And students, be open to having your body shifted into different shapes.

I love the following peace mantra as it defines what a yoga teacher can help guide her students to:

Asatoma satgamaya
Tamasoma jyotir gamaya
Mrityormaamritam gamaya
Om, shanti shanti shanti

Lead me from the unreal to the real
Lead me from darkness to the light
From the earth to the open skies
Lead from death to eternal life
Om, peace peace peace

~~~~

Does your yoga practice lead you from darkness to light?

Can you identify ways it has helped you through challenges in your life?

Maybe start making some observations around the sense of touch with your loved ones and how it binds you to them.

If you have a yoga practice, how do you feel about being adjusted by your teacher?

Please feel free to comment below. I’d love to hear your thoughts.

Keep up the practice! All is coming 🙂

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Today was a shit day

There.
I said it.

So it’s a hair pulling day. Every moment of the day, one of my children at any given moment happens to need something. And when do they want it? NOW of course.

It was a rough morning trying to get out of the house on time with sibling arguments, baby crying, kitchen absolute mess and everyone having meltdowns (that includes me).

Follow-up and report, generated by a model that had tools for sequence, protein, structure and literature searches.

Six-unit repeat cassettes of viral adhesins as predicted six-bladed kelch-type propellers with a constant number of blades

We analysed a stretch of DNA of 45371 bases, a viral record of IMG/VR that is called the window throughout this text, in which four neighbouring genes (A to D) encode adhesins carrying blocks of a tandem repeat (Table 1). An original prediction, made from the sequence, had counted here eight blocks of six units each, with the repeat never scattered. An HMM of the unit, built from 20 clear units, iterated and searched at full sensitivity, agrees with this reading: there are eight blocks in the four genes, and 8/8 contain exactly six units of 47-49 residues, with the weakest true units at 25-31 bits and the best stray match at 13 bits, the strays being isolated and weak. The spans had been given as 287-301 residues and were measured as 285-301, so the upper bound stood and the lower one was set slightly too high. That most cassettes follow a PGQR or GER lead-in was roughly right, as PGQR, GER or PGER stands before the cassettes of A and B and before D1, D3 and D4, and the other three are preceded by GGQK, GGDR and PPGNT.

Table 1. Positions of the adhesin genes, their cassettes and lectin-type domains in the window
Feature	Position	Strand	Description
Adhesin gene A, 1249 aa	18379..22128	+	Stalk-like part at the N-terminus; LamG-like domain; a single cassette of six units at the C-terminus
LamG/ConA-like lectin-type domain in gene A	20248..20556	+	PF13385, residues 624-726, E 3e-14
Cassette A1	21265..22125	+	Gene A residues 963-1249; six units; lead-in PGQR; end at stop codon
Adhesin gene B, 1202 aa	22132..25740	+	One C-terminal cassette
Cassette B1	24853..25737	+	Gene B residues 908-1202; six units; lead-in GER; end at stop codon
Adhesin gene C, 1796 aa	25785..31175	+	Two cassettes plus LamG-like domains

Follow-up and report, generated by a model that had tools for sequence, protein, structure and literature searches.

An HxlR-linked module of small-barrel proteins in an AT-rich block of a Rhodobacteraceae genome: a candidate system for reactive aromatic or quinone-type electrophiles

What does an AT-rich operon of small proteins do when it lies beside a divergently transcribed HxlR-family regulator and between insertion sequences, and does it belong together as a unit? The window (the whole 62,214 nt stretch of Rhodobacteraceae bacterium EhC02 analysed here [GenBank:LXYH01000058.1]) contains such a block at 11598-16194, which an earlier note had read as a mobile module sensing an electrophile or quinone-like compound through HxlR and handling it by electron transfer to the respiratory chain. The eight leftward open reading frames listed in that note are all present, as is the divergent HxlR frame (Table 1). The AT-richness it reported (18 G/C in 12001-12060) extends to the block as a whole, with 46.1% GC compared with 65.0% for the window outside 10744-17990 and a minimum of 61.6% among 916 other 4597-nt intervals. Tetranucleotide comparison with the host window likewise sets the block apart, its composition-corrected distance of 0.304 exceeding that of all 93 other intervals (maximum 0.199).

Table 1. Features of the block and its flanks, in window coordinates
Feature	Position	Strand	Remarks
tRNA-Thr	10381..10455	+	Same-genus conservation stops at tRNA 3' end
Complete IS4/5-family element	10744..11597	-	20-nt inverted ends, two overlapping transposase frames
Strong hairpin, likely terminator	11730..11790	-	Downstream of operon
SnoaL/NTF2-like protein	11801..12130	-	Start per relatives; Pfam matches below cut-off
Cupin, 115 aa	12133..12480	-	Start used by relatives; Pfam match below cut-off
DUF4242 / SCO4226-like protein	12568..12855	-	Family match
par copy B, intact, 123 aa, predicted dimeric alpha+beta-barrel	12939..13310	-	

And so it happened that this set up the rest of my day to be absolute – well…. shit.

I got talking to a mum briefly in the afternoon, who with the best intentions, offered these words of advice “just be thankful your children are healthy”.

Really?

Because I’ve had a hard day with my kids, does this imply that I’m ungrateful in any way?

Actually, all it means is that I’ve had a bad day.  Quite simple really.

All it means is that motherhood (and life in general) can be challenging.

All it means is that some days are highs and other days are lows.

That’s it.

Doesn’t make me any less grateful because I can openly admit that today was rough.

The best words of comfort I’ve had when I’ve experienced these days are when my fellow mum friends say things like, “oh I totally get it. I have days like this.  I know how you feel”.

That’s it. I already feel so much better. I’m not the only mum that loses her cool with her kids on a bad day. Phew.